The paranormal twist was unexpected and surprising, and even though it wasn't fully explained, I liked it. For me, I think this angle worked because I had read the author's note at the beginning so I knew why she she went down this path. Imagine having the opportunity to see a loved one who had passed on again. What would you give for a few days or moments?
I was a bit surprised, yet once again pleased with the way this book veered off course. It takes some dramatic turns at the end, and the story completely changes. I know many reviewers are complaining because they didn't like the twist and the shift in the plot, but for me it worked. I thought Ms. Roberts pulled it off.
The ending is satisfying without cliffhangers and lots of unanswered questions. This is a stand alone!
The romance was a bit shaky for me. It lacked a bit of chemistry and emotion. I don't know how to describe it without too many spoilers, but I felt like it was lacking a bit of something.
While I appreciated that the story doesn't get bogged down with the how and why of how Chael comes into Faye's life, I couldn't help but want to know more. Why and how did he appear?
I have to admit after all the build up with the revenge plot, I felt a tiny disappointed by Faye's final decision with one of her tormentors. Even though I admired her courage, I wanted it to play out as Faye originally intended. Still I loved her choice.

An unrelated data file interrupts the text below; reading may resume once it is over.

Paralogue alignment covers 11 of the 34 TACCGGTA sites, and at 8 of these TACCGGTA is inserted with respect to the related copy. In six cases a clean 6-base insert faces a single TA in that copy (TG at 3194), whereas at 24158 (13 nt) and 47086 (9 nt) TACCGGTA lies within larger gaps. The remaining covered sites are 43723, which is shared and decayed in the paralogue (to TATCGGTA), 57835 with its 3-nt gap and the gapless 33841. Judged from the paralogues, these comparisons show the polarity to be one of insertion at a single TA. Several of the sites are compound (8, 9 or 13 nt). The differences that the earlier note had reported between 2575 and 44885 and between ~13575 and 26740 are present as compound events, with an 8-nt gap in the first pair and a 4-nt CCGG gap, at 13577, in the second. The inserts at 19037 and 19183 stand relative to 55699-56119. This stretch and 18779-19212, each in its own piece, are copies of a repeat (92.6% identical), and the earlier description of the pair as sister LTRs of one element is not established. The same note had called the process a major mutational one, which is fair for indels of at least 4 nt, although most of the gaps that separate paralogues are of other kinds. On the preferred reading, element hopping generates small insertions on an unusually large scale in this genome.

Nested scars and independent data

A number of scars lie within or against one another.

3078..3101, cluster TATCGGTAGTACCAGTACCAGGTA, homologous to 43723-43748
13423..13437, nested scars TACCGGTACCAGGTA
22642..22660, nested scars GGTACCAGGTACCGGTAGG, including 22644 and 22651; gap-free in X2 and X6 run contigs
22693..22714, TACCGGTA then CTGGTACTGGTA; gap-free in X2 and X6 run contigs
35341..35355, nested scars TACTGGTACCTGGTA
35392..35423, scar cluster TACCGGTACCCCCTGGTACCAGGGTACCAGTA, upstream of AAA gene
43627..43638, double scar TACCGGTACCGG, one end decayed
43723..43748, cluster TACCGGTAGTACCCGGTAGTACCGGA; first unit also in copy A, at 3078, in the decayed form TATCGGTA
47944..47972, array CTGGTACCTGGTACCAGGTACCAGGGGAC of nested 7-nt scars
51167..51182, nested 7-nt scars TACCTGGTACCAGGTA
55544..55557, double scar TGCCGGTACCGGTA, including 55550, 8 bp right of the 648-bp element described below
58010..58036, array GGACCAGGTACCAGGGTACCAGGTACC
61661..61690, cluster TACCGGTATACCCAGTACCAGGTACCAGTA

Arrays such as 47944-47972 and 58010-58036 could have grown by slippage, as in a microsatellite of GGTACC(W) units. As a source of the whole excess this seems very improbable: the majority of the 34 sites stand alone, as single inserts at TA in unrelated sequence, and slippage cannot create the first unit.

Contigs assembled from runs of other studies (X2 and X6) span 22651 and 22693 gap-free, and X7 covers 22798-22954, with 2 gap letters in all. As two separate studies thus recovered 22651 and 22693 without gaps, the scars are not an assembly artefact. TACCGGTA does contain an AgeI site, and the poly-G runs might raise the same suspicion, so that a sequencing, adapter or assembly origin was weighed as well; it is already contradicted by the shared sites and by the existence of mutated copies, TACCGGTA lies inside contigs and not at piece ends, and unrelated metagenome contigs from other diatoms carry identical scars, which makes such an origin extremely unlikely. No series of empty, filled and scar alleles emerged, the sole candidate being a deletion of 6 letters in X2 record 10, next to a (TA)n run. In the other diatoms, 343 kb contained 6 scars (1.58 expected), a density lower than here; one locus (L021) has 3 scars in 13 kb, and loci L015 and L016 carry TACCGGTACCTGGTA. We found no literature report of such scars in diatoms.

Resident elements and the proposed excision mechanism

The Bodies We Wear is an emotional and impactful read with outstanding world building and strong characters. I thought Faye's growth and transformation was excellent and I appreciated that Ms. Roberts dared to take this story in new and unexpected directions. This book is so much more than a revenge book. It is one that needs to be read and pondered.
"I guess can take the girl and give her weapons and stuff but somewhere deep inside she still wants to wear makeup and paint her toes pink."
"Even in death, we never truly get lost."
"I like the moon at night, " Beth says, looking down at her crayons. "I like the way it sometimes manages to find its way through the clouds. I like the way it sometimes manages to find its way through the clouds. I like the raindrops on the leaves in the garden. And I love the way a bakery smells when you go inside."
I received a copy of this book from the publisher in exchange for an honest review. All opinions are my own and I was not compensated for this review.
For more creepy reading, be sure to check out Jeyn's other two books: